Admission is free for children under 18 and young people under 26, residing in the European Economic Area. For the rest, there are all-inclusive passports for €25-€27 and individual tickets for €12-€18. I strongly recommend that you buy tickets at the online ticket office of the Palace of Versailles, in order to avoid the long queues (especially in the morning).
Read my complete guide to Versailles, one of the best day trips from Paris!
Giverny is a lovely village mostly known as the location of Claude Monet‘s home and gardens, including his famous pond of water lilies. Wherever your look, you’ll notice a fairytale-like essence, which was so beautifully captured on a canvas by Monet and by some other Impressionist painters.
Located in the Normandy region, Giverny is definitely a must-visit destination from Paris, since it’s less than 60 minutes away from the French capital. You’ll love the bucolic landscapes, the massive flower fields (that bloom almost all year round), and basically the overall atmosphere.
Although I’ve arrived in Giverny by car, you can visit the village by taking a train from Paris. To do this, you only have to go to the Gare Saint Lazare and choose as destination the Gare de Vernon (check the timetable here). This trip takes about 45-50 minutes and costs €32 (roundtrip).
Once in Vernon, there’s a shuttle that takes you to Giverny, leaving the station 15 minutes after the arrival of each train (check the timetable here). The ticket price is €10 (roundtrip) and it can be purchased near the driver or through the SNgo app.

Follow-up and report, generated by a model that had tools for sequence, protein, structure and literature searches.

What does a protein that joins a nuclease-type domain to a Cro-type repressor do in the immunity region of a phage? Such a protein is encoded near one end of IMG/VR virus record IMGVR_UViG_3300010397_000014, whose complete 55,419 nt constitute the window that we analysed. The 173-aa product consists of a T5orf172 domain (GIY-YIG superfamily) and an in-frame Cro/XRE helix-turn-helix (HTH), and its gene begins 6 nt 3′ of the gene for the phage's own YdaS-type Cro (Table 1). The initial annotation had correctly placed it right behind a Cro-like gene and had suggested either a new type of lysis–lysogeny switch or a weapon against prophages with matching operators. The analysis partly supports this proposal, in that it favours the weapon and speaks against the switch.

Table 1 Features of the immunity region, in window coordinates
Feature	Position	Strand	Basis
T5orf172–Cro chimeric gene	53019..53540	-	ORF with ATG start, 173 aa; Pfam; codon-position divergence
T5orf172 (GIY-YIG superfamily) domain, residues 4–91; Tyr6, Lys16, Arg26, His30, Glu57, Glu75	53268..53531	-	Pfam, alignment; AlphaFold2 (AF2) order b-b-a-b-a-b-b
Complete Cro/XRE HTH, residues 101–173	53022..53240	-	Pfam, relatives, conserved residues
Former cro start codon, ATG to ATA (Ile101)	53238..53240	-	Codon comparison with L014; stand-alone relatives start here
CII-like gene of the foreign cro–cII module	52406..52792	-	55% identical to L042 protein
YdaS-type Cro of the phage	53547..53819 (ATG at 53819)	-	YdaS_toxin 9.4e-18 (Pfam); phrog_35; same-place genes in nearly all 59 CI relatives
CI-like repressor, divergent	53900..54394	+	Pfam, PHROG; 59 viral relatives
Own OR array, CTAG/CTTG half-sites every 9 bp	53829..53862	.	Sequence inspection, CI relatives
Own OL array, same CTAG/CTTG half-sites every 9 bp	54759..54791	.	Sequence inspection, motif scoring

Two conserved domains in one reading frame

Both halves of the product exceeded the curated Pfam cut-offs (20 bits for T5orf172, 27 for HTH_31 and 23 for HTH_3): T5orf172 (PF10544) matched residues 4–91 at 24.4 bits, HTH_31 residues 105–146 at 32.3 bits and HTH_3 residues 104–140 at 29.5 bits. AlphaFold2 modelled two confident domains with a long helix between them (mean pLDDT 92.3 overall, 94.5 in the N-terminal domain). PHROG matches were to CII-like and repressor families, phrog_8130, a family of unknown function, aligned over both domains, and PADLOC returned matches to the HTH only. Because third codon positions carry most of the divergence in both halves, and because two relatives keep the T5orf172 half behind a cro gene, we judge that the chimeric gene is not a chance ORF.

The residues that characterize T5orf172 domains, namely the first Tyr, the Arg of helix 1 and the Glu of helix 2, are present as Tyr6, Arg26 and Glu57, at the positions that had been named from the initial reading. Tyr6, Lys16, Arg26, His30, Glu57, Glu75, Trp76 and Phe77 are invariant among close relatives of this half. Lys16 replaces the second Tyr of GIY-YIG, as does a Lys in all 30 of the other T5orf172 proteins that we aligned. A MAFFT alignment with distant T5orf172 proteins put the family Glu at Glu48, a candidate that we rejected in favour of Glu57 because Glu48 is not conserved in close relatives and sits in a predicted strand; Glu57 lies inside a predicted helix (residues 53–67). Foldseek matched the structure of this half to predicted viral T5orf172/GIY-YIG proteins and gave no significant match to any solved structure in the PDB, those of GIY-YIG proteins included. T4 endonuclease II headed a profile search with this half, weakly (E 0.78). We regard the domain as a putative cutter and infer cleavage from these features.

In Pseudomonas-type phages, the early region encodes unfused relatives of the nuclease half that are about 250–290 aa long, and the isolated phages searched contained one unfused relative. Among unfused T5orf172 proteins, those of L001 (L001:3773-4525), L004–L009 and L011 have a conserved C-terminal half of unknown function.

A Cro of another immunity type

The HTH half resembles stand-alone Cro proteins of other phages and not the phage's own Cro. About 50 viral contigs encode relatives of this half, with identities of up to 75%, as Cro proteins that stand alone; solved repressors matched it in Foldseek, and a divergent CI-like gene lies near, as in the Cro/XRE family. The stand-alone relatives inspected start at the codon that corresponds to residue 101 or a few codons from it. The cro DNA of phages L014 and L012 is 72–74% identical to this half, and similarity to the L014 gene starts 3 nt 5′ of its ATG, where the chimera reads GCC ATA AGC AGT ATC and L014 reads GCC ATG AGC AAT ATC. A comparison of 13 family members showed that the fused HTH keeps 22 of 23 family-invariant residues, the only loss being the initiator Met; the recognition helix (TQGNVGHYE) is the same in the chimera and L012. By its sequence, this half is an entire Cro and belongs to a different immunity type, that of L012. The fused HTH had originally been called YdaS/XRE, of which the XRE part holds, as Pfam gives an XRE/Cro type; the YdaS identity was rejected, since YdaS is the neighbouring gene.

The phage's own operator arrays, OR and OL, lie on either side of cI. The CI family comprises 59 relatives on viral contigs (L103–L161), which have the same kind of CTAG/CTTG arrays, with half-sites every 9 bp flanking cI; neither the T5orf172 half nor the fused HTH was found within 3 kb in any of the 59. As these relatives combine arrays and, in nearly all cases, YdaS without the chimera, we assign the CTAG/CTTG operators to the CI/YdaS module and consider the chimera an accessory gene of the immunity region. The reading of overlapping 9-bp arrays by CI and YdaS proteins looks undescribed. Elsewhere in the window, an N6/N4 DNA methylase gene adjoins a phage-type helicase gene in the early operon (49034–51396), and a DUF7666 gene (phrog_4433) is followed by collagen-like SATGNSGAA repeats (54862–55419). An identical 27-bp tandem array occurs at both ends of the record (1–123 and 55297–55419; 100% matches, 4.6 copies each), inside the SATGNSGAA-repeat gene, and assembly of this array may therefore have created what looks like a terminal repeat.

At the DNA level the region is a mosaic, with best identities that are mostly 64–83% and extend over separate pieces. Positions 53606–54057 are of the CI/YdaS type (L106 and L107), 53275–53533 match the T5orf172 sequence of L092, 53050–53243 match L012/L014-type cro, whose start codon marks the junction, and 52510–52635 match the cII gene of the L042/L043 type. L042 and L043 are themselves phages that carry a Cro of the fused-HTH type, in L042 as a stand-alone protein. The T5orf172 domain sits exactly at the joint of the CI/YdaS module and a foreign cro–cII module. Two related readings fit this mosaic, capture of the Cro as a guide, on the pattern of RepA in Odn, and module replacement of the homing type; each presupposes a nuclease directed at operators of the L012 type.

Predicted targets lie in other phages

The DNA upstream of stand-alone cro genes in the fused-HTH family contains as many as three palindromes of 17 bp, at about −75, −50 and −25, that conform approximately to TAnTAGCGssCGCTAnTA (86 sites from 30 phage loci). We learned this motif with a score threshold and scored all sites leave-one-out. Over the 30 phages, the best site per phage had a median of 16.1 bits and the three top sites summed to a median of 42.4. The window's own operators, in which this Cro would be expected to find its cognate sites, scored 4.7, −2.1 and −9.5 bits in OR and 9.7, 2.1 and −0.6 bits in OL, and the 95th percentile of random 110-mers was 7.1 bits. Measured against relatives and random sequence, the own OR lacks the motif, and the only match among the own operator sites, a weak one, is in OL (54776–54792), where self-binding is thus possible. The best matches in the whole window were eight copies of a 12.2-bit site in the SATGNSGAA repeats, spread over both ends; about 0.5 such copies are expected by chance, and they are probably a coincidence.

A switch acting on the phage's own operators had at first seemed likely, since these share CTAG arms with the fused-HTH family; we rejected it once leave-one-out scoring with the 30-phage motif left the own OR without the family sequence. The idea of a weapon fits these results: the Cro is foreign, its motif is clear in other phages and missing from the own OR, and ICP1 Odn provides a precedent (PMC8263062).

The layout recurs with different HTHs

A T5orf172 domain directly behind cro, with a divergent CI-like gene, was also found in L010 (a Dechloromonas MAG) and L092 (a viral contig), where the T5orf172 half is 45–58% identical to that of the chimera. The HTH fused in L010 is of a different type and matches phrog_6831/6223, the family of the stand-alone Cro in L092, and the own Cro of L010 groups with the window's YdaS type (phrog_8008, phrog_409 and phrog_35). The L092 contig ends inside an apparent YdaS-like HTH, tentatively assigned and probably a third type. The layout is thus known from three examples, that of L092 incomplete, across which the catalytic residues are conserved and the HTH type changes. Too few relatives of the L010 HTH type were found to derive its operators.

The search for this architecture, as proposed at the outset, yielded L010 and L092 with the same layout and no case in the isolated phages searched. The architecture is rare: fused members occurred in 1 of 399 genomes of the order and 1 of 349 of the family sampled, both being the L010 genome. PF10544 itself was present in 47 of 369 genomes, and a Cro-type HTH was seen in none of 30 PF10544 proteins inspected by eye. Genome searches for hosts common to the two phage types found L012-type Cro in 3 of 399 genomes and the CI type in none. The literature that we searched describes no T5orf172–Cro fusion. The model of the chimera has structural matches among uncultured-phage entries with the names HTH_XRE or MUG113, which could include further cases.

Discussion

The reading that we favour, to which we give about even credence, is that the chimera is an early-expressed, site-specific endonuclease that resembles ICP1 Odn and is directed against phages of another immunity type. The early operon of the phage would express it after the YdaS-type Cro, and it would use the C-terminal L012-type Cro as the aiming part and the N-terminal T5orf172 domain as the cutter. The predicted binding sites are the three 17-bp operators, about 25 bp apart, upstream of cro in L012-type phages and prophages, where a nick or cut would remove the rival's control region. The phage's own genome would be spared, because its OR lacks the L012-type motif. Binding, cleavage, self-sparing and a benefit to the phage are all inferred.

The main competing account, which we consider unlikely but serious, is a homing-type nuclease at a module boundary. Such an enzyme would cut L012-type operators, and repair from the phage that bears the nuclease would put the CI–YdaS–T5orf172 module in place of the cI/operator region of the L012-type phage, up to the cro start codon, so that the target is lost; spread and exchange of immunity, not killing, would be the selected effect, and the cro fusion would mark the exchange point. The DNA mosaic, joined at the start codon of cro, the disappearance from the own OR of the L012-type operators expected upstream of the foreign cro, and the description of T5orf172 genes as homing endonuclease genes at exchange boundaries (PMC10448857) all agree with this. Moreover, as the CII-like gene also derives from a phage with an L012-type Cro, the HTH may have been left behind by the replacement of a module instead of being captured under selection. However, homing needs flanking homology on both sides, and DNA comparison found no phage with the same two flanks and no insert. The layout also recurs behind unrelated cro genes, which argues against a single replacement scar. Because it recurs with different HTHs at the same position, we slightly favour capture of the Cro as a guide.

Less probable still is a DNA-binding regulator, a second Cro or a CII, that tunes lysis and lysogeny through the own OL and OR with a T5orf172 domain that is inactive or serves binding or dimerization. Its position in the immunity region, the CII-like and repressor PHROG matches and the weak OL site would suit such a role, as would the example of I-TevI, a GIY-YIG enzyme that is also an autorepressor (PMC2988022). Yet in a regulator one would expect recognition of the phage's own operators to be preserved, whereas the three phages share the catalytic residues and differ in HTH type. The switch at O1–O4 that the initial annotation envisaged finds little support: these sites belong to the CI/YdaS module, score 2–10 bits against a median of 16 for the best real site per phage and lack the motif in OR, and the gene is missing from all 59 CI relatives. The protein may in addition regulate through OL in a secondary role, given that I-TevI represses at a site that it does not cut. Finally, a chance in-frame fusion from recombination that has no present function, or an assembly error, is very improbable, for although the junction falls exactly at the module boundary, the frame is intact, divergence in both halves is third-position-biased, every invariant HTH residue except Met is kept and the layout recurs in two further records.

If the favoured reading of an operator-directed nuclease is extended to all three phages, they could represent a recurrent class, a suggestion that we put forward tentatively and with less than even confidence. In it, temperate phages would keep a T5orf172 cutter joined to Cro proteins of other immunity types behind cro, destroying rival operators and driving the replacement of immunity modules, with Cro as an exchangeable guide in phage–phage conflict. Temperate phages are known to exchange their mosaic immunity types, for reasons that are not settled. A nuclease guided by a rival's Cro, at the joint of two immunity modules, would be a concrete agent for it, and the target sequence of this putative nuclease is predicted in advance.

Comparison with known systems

The Fondation Claude Monet-Giverny – that is, the house and gardens – is open every day, from 9:30 am to 6 pm, with the last entry taking place at 5:30 pm. The ticket costs €9.50 (adults) and €5.50 (children and students), but children under 7 years old don’t pay for admission.
The foundation itself advises buying the tickets online, in order to avoid long queues, especially during high season. There’s similarly an online shop, which sells the products of the physical gift and book shop – built on the old Atelier des Nymphéas.
Read my complete guide to Giverny, one of the best day trips from Paris!
3. Mont Saint-Michel
Mont Saint-Michel is, by far, the most indescribable place I’ve ever visited in France. But it’s also one of the most popular destinations in the country, so it’s essential that you plan your trip in advance!
In my opinion, traveling to Mont Saint-Michel by car is convenient, as it’s about 4 hours from Paris. Once on-site, there’s a car park, which costs €9.80 (from October to March) or €14.90 (from April to September). The ticket is valid for 24 hours and includes transportation to/from the island.